Stelis phaeoptera and Osmia leaiana
In July 2014 I found two small black bees on Yarrow in my garden that I did not recognize. Searching my keys I identified them as Stelis phaeoptera, a cuckoo-bee species. It does the kind of thing cuckoos do, i.e. lays its eggs in the nest of another species, killing the young and taking its food. Its own egg then hatches and feeds on the pollen store. It’s a well developed way of life among bees, practised by about a quarter of all species I have found in the Monmouth area. Many more cuckoo bees, often beautiful insects, will appear in this blog, I hope.
This bee not outstandingly beautiful. Falk’s name for it – Plain Dark Bee – just about sums it up. But it’s a neat insect in its own way: short-limbed, compact, heavily armoured and, of course, without any pollen brush. The integument is covered all over in what look like tiny pin-pricks.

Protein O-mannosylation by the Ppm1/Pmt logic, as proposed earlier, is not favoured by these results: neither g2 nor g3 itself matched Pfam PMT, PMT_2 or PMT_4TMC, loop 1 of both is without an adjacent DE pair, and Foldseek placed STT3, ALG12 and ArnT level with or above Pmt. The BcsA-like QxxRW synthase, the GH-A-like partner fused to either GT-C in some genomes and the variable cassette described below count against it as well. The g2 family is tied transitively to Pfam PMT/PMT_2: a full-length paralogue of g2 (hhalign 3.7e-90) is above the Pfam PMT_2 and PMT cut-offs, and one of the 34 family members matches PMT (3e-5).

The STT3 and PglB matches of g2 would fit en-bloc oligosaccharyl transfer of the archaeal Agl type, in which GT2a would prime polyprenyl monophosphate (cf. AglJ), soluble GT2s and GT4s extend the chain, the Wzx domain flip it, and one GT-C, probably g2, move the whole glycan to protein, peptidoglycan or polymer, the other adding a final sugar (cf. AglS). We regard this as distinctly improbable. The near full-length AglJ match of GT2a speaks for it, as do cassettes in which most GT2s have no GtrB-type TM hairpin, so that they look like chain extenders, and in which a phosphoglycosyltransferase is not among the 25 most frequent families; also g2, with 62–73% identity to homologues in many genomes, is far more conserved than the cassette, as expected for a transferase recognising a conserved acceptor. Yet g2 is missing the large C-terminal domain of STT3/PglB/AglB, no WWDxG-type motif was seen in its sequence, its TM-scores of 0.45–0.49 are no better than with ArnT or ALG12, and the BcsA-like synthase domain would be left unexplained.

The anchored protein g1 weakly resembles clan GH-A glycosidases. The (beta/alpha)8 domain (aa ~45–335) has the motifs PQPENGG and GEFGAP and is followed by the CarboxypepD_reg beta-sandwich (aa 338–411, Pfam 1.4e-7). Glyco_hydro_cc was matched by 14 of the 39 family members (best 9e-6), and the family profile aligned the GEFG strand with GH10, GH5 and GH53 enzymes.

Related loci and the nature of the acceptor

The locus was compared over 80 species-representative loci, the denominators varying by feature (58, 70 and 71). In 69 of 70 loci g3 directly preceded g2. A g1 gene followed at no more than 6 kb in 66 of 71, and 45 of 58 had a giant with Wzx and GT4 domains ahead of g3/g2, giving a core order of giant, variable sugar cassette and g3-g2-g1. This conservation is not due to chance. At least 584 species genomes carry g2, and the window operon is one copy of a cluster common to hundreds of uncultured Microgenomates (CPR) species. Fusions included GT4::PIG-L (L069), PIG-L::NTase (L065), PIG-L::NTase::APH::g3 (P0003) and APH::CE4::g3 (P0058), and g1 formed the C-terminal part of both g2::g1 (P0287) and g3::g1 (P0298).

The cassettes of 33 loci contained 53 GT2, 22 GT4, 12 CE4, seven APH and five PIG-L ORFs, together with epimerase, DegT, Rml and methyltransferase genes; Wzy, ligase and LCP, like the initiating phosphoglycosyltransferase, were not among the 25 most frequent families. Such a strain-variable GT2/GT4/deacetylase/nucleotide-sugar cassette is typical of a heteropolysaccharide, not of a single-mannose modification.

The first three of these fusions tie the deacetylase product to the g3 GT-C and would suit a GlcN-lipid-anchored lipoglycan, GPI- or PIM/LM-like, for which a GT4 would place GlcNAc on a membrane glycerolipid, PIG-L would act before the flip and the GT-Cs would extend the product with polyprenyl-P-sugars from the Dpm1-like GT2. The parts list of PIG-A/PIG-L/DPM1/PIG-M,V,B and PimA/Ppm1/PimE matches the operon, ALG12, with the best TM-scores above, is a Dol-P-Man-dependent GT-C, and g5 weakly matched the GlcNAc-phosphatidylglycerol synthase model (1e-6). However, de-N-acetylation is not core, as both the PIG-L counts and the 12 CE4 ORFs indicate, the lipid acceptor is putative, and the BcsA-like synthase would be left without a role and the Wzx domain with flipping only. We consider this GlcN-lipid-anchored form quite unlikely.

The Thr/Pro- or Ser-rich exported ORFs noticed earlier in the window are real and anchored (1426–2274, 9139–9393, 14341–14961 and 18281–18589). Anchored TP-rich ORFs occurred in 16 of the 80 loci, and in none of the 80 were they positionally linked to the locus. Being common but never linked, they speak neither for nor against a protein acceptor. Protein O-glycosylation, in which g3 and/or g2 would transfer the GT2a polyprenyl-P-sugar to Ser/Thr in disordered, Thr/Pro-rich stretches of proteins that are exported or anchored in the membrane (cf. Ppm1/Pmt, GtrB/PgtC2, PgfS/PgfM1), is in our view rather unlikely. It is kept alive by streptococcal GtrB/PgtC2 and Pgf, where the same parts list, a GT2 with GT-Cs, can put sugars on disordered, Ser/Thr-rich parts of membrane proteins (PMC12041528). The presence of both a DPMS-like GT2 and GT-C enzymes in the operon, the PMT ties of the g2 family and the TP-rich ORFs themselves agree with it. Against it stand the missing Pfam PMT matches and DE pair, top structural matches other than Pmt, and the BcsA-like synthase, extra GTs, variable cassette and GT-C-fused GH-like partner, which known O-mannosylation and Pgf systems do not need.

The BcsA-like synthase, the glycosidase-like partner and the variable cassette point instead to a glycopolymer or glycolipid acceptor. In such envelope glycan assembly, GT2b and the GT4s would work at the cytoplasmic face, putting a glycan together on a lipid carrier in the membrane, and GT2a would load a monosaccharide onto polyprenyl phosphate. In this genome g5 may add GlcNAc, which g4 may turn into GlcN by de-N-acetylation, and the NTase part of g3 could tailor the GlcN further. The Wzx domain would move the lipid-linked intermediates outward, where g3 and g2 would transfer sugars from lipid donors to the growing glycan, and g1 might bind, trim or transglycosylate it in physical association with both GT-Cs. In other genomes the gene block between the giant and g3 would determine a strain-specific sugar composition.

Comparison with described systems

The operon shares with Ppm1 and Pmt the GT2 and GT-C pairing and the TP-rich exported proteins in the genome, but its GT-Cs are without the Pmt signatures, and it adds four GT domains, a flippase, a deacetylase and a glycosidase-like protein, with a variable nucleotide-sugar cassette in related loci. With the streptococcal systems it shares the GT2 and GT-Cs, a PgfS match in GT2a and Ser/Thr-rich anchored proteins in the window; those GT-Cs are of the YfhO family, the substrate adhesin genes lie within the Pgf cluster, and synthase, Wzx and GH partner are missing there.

The host in this case is most probably a bee which is common in my garden and for which I provide nest tubes: Osmia leaiana, the Orange-vented Mason Bee. It is about the same size and cylindrical shape – adapted to crawling into tubes – and a busy pollen gatherer. They are both fond of knapweed and scabious. Side by side the similarities are apparent:
All four British species of Stelis are said to be rare bees, and phaeoptera particularly so: ‘a much declined species’ according to Falk, with very few recent records. I am lucky to have it, even if its host isn’t.